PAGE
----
OpenID/Debian PRNG/DNS Cache poisoning advisory
Leichter, Jerry
leichter_jerrold at emc.com
Fri Aug 8 15:52:07 EDT 2008
 > > Funnily enough I was just working on this  and found that we'd
 > > end up adding a couple megabytes to every browser. #DEFINE
 > > NONSTARTER. I am curious about the feasibility of a large bloom
 > > filter that fails back to online checking though. This has side
 > > effects but perhaps they can be made statistically very unlikely,
 > > without blowing out the size of a browser.
 > Why do you say a couple of megabytes? 99% of the value would be
 > 1024bit RSA keys. There are ~32,000 such keys. If you devote an
 > 80bit hash to each one (which is easily large enough to give you a
 > vanishingly small false positive probability; you could probably get
 > away with 64 bits), that's 320KB. Given that the smallest Firefox
 > [...]
You can get by with a lot less than 64 bits. People see problems like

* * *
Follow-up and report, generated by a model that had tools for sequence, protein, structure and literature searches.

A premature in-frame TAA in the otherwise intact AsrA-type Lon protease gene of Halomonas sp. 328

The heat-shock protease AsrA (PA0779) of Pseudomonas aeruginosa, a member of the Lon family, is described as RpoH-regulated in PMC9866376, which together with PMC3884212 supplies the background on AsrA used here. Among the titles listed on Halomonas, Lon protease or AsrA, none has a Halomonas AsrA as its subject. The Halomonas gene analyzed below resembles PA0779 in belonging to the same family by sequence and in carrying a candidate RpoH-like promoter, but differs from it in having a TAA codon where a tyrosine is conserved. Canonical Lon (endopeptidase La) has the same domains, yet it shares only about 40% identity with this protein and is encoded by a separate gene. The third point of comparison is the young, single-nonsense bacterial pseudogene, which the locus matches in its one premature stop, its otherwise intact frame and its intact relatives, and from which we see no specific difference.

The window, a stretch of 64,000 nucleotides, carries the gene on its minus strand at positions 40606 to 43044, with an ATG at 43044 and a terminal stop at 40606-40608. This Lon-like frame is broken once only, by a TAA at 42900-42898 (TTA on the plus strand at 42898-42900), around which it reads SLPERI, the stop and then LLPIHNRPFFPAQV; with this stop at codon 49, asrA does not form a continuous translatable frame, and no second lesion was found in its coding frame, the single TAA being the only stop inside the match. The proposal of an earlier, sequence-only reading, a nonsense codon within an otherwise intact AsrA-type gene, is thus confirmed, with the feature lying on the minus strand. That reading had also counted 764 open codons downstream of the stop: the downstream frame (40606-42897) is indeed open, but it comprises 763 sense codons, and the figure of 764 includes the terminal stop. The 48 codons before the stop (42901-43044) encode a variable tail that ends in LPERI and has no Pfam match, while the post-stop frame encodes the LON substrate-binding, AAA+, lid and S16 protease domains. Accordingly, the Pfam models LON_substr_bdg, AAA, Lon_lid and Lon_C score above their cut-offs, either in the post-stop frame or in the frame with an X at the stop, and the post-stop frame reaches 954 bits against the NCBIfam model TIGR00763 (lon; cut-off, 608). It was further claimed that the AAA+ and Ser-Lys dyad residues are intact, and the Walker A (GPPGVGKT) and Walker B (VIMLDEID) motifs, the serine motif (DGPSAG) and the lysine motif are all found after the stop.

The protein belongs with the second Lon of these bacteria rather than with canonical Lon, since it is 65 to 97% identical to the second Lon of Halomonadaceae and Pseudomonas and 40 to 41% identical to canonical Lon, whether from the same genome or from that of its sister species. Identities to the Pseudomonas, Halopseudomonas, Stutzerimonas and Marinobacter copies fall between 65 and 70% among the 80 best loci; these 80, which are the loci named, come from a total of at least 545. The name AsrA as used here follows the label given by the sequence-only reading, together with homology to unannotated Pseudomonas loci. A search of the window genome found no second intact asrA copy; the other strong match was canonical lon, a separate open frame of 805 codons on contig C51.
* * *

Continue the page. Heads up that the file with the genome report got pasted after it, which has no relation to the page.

this and immediately think "birthday paradox", but there is no "birthday
paradox" here: You aren't look for pairs in an evergrowing set,
you're looking for matches against a fixed set. If you use 30bit
hashes  giving you about a 120KB table  the chance that any given
key happens to hash to something in the table is one in a billion,
now and forever. (Of course, if you use a given key repeatedly, and
it happens to be that 1 in a billion, it will hit every time. So an
additional table of "known good keys that happen to collide" is worth
maintaining. Even if you somehow built and maintained that table for
all the keys across all the systems in the world  how big would it
get, if only 1 in a billion keys worldwide got entered?)
 You could store {<hash>, <seed>} and check matches for false positives
 by generating a key with the corresponding seed and then checking for an
 exact match  slow, but rare. This way you could choose your false
 positive rate / table size comfort zone and vary the size of the hash
 accordingly.
Or just go off to one of a number of web sites that have a full table.
Many solutions are possible, when they only need to be invoked very,
very rarely.
 Jerry
 Nico
 

 
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